This week, the government released updated guidance on the Paycheck Protection Program (PPP) (covering both the “first draw” program, and the recently enacted “second draw” program), including new interim rules governing the second draw loan program and a consolidated interim rule (with frequently asked questions) covering most facets of the first and second draw loan programs.
The government also plans to release an updated application form for second draw loans (SBA Form 2483-SD, not yet released). The government further announced the PPP will reopen the week of January 11 for new borrowers and “certain existing PPP borrowers.”
As part of this reopening, the government states, “initially only community financial institutions will be able to make First Draw PPP Loans on Monday, January 11 and Second Draw PPP Loans on Wednesday, January 13,” with the PPP “open to all participating lenders shortly thereafter.”
Here is what you need to know about the new guidance and second draw loan program.
The PPP continues to be complex. We can help you sort through the details and comply with newly released regulations.
Eligibility for Second Draw PPP Loans
The new rules state an applicant is eligible for a second draw loan if it is a “a business concern, independent contractor, eligible self-employed individual, sole proprietor, nonprofit organization eligible for a First Draw PPP Loan, veterans organization, Tribal business concern, housing cooperative, small agricultural cooperative, eligible 501(c)(6) organization or destination marketing organization, or an eligible nonprofit news organization” meeting all of the following criteria:
What does this mean?
Only eligible borrowers who previously received a first draw loan are eligible for a second draw loan. Newly eligible borrowers (like a section 501(c)(6) organization) applying now will apparently apply under the first draw program. Also, the ability to choose a particular quarter for measuring gross receipts may mean borrowers with strong third or fourth quarter 2020 earnings, but weaker first and second quarter earnings demonstrating an applicable reduction to gross receipts, can still be eligible for second draw loans.
Definition of Gross Receipts
Gross receipts are expansively defined to include “all revenue in whatever form received or accrued (in accordance with the entity’s accounting method) from whatever source, including from the sales of products or services, interest, dividends, rents, royalties, fees or commissions, reduced by returns and allowances.” Gross receipts include cost of goods sold but do not include net capital gains or losses “as reported on IRS tax return forms.” Gross receipts from an applicable affiliate are also included.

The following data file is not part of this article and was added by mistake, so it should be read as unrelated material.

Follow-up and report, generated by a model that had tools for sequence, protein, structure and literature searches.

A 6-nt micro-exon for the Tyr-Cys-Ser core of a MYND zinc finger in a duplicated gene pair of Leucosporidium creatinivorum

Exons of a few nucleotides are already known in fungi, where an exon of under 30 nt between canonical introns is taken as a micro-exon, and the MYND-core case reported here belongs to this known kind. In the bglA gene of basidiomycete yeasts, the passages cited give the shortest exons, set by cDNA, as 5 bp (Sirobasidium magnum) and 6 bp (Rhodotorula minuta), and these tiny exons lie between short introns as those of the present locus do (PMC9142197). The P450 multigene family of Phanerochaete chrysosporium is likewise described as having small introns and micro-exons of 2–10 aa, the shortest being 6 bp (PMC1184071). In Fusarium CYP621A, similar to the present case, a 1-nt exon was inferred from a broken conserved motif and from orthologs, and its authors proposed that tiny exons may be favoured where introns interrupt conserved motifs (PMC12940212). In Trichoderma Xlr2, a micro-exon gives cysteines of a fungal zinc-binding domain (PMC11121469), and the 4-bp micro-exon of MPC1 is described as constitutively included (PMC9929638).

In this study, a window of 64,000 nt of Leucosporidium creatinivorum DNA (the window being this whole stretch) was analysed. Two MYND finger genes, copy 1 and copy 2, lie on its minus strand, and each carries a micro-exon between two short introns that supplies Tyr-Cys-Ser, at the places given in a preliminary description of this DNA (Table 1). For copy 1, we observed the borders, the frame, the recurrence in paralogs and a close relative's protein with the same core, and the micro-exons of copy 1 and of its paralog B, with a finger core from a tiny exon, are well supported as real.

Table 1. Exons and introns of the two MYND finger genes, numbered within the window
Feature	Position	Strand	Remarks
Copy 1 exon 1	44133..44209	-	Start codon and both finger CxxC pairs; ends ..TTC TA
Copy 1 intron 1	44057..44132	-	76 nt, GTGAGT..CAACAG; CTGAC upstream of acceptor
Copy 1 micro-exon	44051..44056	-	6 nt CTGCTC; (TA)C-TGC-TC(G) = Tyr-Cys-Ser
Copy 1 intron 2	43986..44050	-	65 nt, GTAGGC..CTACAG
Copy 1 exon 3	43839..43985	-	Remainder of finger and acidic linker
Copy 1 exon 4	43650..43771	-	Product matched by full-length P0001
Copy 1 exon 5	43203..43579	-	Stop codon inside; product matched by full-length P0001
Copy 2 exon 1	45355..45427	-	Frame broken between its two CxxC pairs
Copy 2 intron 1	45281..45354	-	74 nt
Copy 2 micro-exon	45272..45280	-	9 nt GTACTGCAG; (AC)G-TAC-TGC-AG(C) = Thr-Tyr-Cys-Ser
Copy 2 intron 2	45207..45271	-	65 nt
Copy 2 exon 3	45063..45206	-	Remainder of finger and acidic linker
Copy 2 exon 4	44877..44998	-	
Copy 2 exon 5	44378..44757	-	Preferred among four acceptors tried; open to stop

Gross receipts do not include the following: “taxes collected for and remitted to a taxing authority if included in gross or total income (such as sales or other taxes collected from customers and excluding taxes levied on the concern or its employees); proceeds from transactions between a concern and its domestic or foreign affiliates; and amounts collected for another by a travel agent, real estate agent, advertising agent, conference management service provider, freight forwarder or customs broker.” Gross receipts also do not include any forgiven first draw loan proceeds, although the new rules are silent regarding whether other forms of stimulus do constitute gross receipts.
The government cautions that “[a]ll other items, such as subcontractor costs, reimbursements for purchases a contractor makes at a customer's request, investment income, and employee-based costs such as payroll taxes, may not be excluded from gross receipts.”
For loans with principal amounts greater than $150,000, applicants, when applying, must document their gross receipts, including providing “relevant tax forms”, “annual tax forms,” or, if “relevant tax forms” are not available, a copy of the applicant’s quarterly income statements or bank statements.
What does this mean?
The definition of gross receipts is clearly intended to be all-encompassing by including revenue from whatever source. While first draw loans are excluded from the definition, it is unclear whether other forms of COVID relief (like provider relief funds through the department of Health and Human Services, or Economic Injury Disaster Loan funds) constitute gross receipts.